By Dr. Audrey Davidheiser, Crosswalk.com
If you’re like most Americans, giving thanks might feel extra challenging this November.
One recent survey discovered that 25% of the country plans to skip Thanksgiving dinner due to inflation. Almost half of the respondents opted to ask their guests to help cover costs. Close to 90% will serve at least one fewer dish.
And that’s just the financial side.
Tensions have never been more intense. Families squabble about getting COVID vaccines, the overturning of Roe v. Wade, and other hot-button issues. Indeed, another recent poll reveals how almost one in five voters has experienced a falling out with family and friends over political issues.
To help you in thanking God, we created a 30 Days of Gratitude Prayer Guide HERE. Download and print this guide to keep with you as a reminder of God's love and promises.
Ours is an era for which Paul penned 2 Timothy 3:2-4. Just read the descriptions:
People are “lovers of themselves, lovers of money, boasters, proud, blasphemers, . . . unthankful, unholy, unloving, unforgiving, slanderers, without self-control, brutal, despisers of good, traitors, headstrong, haughty, lovers of pleasure rather than lovers of God” (NKJV).
No wonder offering up gratitude feels daunting.
However, during the Last Supper, Jesus modeled how to give thanks during dismal times. Highlight the italicized word: “The Lord Jesus on the same night in which He was betrayed took bread; and when He had given thanks, He broke it and said, ‘Take, eat; this is My body which is broken for you; do this in remembrance of Me’” (1 Corinthians 11:23-24).
The four gospels inform us how that night, Judas — one of the 12 men Jesus handpicked as disciples — cemented his betrayal.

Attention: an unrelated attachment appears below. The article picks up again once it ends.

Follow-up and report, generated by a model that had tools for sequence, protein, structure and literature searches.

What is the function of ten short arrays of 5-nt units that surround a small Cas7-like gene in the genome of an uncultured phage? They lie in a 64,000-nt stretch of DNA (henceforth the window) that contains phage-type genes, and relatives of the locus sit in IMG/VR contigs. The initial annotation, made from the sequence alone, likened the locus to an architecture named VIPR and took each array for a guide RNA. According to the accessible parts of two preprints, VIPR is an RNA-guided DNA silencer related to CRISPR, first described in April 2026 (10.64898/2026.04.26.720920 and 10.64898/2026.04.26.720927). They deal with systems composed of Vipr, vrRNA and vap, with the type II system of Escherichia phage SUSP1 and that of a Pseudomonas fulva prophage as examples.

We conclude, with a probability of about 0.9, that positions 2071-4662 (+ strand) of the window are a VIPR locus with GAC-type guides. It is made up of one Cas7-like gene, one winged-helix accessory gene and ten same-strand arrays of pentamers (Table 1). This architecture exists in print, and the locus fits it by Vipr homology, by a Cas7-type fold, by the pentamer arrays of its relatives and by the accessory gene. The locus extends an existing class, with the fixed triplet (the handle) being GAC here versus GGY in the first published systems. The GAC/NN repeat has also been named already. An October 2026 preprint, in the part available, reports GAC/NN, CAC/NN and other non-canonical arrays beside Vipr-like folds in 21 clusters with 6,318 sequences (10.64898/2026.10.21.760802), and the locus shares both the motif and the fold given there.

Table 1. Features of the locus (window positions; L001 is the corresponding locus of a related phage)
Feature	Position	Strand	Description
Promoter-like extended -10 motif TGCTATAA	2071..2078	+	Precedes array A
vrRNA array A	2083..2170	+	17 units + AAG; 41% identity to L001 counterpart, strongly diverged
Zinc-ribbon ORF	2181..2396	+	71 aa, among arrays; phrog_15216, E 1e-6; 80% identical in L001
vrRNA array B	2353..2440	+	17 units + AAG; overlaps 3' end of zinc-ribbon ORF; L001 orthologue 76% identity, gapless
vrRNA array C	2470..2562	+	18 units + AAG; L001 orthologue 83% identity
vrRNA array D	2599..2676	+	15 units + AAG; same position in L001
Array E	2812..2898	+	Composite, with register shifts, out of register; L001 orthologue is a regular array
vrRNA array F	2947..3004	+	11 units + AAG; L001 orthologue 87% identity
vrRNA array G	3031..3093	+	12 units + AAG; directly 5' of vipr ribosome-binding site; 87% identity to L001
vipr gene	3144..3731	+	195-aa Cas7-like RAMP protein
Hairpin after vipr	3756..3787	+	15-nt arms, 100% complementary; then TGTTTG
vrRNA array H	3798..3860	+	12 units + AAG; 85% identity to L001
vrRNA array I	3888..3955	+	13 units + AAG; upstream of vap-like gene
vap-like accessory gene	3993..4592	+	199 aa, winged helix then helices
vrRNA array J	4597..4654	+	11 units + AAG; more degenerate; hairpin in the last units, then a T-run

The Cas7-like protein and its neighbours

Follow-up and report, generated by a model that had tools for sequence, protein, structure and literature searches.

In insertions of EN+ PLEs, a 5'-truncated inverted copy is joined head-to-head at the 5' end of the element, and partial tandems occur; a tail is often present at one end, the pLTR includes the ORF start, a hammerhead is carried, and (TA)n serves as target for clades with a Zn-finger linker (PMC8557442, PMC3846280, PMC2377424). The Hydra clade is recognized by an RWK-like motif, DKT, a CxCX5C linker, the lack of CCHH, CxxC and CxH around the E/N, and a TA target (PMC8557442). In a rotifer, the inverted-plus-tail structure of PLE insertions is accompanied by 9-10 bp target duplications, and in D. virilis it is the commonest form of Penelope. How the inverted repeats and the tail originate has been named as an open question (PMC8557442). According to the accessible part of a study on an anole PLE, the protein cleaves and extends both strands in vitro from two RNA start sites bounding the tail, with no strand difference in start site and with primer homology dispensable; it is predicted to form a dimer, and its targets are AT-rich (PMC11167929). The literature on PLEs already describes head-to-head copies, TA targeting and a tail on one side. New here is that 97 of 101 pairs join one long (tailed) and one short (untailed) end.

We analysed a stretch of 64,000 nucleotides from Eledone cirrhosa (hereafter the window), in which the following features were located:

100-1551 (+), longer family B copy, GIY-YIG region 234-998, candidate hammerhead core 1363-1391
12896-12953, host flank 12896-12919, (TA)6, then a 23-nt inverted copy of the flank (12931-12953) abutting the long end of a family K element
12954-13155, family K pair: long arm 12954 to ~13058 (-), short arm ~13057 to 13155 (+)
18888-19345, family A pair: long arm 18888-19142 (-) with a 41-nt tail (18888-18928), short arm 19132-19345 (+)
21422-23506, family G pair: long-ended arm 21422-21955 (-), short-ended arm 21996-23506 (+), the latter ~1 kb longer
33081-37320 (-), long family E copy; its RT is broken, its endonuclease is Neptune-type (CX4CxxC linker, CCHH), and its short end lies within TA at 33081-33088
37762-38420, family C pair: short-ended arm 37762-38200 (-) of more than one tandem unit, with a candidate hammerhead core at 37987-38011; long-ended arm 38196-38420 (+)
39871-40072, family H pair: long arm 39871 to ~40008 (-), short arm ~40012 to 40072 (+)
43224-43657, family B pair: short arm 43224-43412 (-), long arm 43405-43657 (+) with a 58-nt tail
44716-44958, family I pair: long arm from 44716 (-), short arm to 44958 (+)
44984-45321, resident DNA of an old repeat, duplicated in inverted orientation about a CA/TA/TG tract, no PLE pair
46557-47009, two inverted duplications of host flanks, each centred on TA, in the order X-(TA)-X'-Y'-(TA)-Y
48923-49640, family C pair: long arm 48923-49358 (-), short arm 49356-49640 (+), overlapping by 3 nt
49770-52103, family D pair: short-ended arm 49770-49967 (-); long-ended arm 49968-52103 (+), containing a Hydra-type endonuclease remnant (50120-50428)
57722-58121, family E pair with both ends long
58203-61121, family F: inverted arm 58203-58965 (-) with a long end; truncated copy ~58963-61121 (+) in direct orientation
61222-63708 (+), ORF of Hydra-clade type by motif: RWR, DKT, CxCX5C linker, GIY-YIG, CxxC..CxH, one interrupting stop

But that’s not all. That fateful night was also the last time Jesus dined before His excruciating trip to Calvary.
What must Jesus have felt then?
Please don’t compare Him to the sitting statue of stony Buddha in many Thai or Chinese restaurants. The Bible describes Jesus as God and man both.
- Anger (Matthew 21:12-13)
- Compassionate (Matthew 20:34)
- Grieved (Mark 3:5, NASB)
- Sorrowful (Matthew 26:38)
It’s reasonable that Jesus attended the wedding reception, where He later transformed water into wine, with gaiety (John 2:1-11).
But back to the Last Supper. That evening’s progression of events must have evoked emotions, even for Jesus. Did He feel a tinge of disappointment because Judas double crossed Him?
Did His imagination paint a gruesome image of the intense pain He’d soon experience at the cross? Could He have wished for the agony to be over soon?
Giving Thanks When it Is Hard
Despite the swirl of activity around and inside Him that night, Jesus gave thanks. As His followers, we also ought to give thanks, including when times are rough.
But how? It’s human nature to be thankful for sunny times when smiles slide easily and everything seems rosy.
This article won’t dole out any advice to grit your teeth and crank out a thankful statement out of pure willpower. Getting from “God, these prices are killing me!” to “Lord, I’m thankful” does require intentional steps.
Giving thanks when it’s hard doesn’t require faking it until you make it, either. What this popular saying intends is for you to act contrary to how you feel in order to “make it,” but as a psychologist, I don’t endorse any move to muffle feelings.
Besides, faking things doesn’t really work; for instance, research shows that when you fake smiling, you will only up your happiness by a tiny degree.
So, how do we give thanks when times are hard? Here are five steps that can get you there.
1. Don’t say, “But I’m not Jesus.” It’s admirable that Jesus gave thanks during the most trying time of His earthly existence. But don’t dismiss His example by saying, “Yeah, but He’s the Son of God,” as though Jesus hid a superhuman secret to overcome the pull of feelings.
Jesus is our model. If it’s impossible to follow Jesus’ examples, God wouldn’t have inspired Paul to write, “Imitate me, just as I also imitate Christ” (1 Corinthians 11:1). Paul was 100% human. Like us. If he could imitate Jesus, this must mean the rest of us can too.